Special Issue "Addressing Non-ruminant Nutrition and Digestive Ecology Functions for Sustainable Production and Welfare"

A special issue of Agriculture (ISSN 2077-0472). This special issue belongs to the section "Farm Animal Production".

Deadline for manuscript submissions: 5 April 2024 | Viewed by 795

Special Issue Editors

Queensland Alliance for Agriculture and Food Innovation (QAAFI), University of Queensland, St Lucia, QLD 4072, Australia
Interests: animal science and production; nutrition; food safety; mycotoxicology
Special Issues, Collections and Topics in MDPI journals
Laboratory of Nutritional Physiology and Feeding, Department of Animal Science, Agricultural University of Athens, Iera Odos 75, 118 55 Athens, Greece
Interests: animal nutrition; gut ecology; nutrigenomics; homeostasis, detoxification and oxidative stress; product quality
Department of Bioveterinary and Microbial Sciences, Technological University of the Shannon, University Road, Co Westmeath, N37 HD68 Athlone, Ireland
Interests: fibre; prebiotics; minerals; feed; additives; protein; heat; inflammation
Special Issues, Collections and Topics in MDPI journals

Special Issue Information

Dear Colleagues,

The cost of feed accounts for some 60–70% of the cost of animal production, especially for intensively farmed poultry and pigs. Every effort is therefore made to produce high-quality animal diets that are used efficiently to produce animal-sourced foods. With the increasing global demand for these products, the need for sustainable animal production to effectively address global food security issues due to the increasing human population and climate change is urgent. In this sense, animal feed needs to be less competitive with human food and be produced sustainably. To achieve this, animal production must actively embrace the concept of a circular economy and “produce more with less” by changing traditional dietary formulations and incorporating into animal diets new feedstuffs from agrifood waste valorization and biotechnology industries. In this new era, animal welfare and animal nutrition hold the keys for sustainable animal production.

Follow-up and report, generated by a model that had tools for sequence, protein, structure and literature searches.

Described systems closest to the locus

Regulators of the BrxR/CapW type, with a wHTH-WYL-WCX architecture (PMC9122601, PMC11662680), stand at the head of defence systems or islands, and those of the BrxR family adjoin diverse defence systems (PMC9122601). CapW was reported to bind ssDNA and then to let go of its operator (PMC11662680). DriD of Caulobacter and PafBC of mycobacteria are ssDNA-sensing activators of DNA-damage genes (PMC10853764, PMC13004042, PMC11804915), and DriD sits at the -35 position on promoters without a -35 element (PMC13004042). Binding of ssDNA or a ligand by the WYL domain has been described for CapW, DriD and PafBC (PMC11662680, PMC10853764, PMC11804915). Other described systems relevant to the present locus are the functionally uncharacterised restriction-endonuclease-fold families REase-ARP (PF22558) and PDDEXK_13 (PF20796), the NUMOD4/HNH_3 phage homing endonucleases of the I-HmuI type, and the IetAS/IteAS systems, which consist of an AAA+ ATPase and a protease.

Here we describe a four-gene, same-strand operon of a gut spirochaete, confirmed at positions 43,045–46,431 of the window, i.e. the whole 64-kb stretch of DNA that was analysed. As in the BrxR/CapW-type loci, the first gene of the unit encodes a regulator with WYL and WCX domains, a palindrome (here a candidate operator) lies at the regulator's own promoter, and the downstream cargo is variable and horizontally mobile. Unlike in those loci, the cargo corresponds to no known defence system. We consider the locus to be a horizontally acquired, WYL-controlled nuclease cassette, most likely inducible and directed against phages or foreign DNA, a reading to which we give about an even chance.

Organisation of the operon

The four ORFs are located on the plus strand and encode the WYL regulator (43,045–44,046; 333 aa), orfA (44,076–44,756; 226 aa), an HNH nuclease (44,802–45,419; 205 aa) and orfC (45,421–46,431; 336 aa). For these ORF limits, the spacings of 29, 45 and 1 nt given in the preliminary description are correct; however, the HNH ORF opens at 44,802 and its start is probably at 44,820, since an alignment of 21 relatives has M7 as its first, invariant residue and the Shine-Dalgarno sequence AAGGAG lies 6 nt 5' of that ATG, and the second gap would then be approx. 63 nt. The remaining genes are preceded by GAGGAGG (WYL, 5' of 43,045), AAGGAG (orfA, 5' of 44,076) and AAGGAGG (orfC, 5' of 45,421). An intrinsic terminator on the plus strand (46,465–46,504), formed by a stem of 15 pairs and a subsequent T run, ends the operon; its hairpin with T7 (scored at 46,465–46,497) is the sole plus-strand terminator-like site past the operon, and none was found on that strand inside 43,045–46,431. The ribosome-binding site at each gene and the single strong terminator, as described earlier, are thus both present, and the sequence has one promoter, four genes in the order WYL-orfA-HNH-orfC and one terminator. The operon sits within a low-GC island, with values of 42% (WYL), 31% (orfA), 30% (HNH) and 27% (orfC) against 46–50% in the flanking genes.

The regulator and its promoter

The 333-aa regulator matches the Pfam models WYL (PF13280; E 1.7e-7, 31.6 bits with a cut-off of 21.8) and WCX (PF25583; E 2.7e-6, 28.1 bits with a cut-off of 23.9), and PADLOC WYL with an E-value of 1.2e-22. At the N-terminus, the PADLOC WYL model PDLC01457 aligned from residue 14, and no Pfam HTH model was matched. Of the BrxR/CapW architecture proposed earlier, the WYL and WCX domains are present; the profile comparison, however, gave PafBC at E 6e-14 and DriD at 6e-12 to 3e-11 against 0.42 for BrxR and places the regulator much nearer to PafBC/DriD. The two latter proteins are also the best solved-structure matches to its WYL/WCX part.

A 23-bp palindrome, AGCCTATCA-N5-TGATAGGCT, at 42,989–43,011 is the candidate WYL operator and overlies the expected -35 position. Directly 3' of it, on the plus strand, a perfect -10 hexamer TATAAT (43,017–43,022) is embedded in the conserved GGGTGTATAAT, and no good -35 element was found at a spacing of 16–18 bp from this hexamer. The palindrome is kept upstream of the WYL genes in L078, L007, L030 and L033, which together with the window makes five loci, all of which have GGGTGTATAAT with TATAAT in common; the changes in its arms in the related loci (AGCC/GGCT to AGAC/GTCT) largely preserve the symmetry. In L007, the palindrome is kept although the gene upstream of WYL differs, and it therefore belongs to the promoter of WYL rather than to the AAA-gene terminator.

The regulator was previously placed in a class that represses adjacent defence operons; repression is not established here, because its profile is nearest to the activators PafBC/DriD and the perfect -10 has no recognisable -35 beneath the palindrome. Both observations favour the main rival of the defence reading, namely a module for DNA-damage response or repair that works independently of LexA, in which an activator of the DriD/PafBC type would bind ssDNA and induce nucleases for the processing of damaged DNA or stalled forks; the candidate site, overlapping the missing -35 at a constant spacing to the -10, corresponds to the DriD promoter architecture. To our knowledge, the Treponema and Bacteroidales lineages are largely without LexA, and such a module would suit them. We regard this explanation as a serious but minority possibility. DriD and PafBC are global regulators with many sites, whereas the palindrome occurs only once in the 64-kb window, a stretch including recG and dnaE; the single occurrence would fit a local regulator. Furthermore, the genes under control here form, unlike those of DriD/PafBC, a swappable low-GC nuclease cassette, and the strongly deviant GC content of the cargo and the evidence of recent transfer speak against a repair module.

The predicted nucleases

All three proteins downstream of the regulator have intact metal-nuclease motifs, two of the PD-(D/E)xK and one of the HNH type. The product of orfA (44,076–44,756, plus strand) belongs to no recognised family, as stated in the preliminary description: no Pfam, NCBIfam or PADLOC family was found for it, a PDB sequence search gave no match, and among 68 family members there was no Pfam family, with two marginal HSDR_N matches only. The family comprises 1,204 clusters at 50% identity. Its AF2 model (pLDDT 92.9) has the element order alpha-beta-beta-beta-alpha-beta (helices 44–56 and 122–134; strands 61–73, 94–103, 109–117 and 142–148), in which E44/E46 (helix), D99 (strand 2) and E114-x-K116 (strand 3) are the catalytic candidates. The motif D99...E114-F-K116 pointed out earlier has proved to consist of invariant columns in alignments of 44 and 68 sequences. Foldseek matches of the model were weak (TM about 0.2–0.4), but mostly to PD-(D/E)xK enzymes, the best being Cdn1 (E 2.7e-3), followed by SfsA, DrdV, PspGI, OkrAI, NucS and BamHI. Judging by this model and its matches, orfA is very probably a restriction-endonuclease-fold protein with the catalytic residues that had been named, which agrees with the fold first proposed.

Optimal animal nutrition can only be achieved through optimal digestion, absorption, and metabolism, all components of nutrient availability.  The measurement of digestibility is the most practical way of predicting the potential availability of a nutrient. Many digestibility data have been produced for major feedstuffs and these data reveal large differences in digestibility coefficients among different feedstuffs, but also within the same feedstuff group. What factors give rise to this variation? Does it reflect inherent differences within the feedstuff, the animal/bird ingesting it, or the gut microbiota? It is the nexus of these three aspects of digestibility, along with feed processing, feed additives, and the presence in feedstuffs of toxins and non-nutrients that determine digestibility coefficients? A greater understanding of the myriad of events that comprise digestion and absorption is important as we endeavor to improve animal nutrition. The incorporation of relevant histological and biochemical biomarkers in digestibility studies along with molecular techniques that monitor the animal’s metabolism or the gut microbiome will greatly assist this task.

We welcome original research or reviews that address these aspects of digestion and nutrition, and the utilization of novel feedstuffs in any of the domestic non-ruminants including pigs, poultry, rabbits, horses, dogs, and cats. Papers that explore the application of molecular techniques and those that critically assess newer feedstuffs such as nutrient-enhanced genetically modified plants, insect meals, microbial proteins, and products originating from agrifood waste streams following suitable bio-technological processing are also encouraged

Prof. Dr. Wayne L. Bryden
Prof. Dr. Konstantinos Mountzouris
Dr. Cormac O'Shea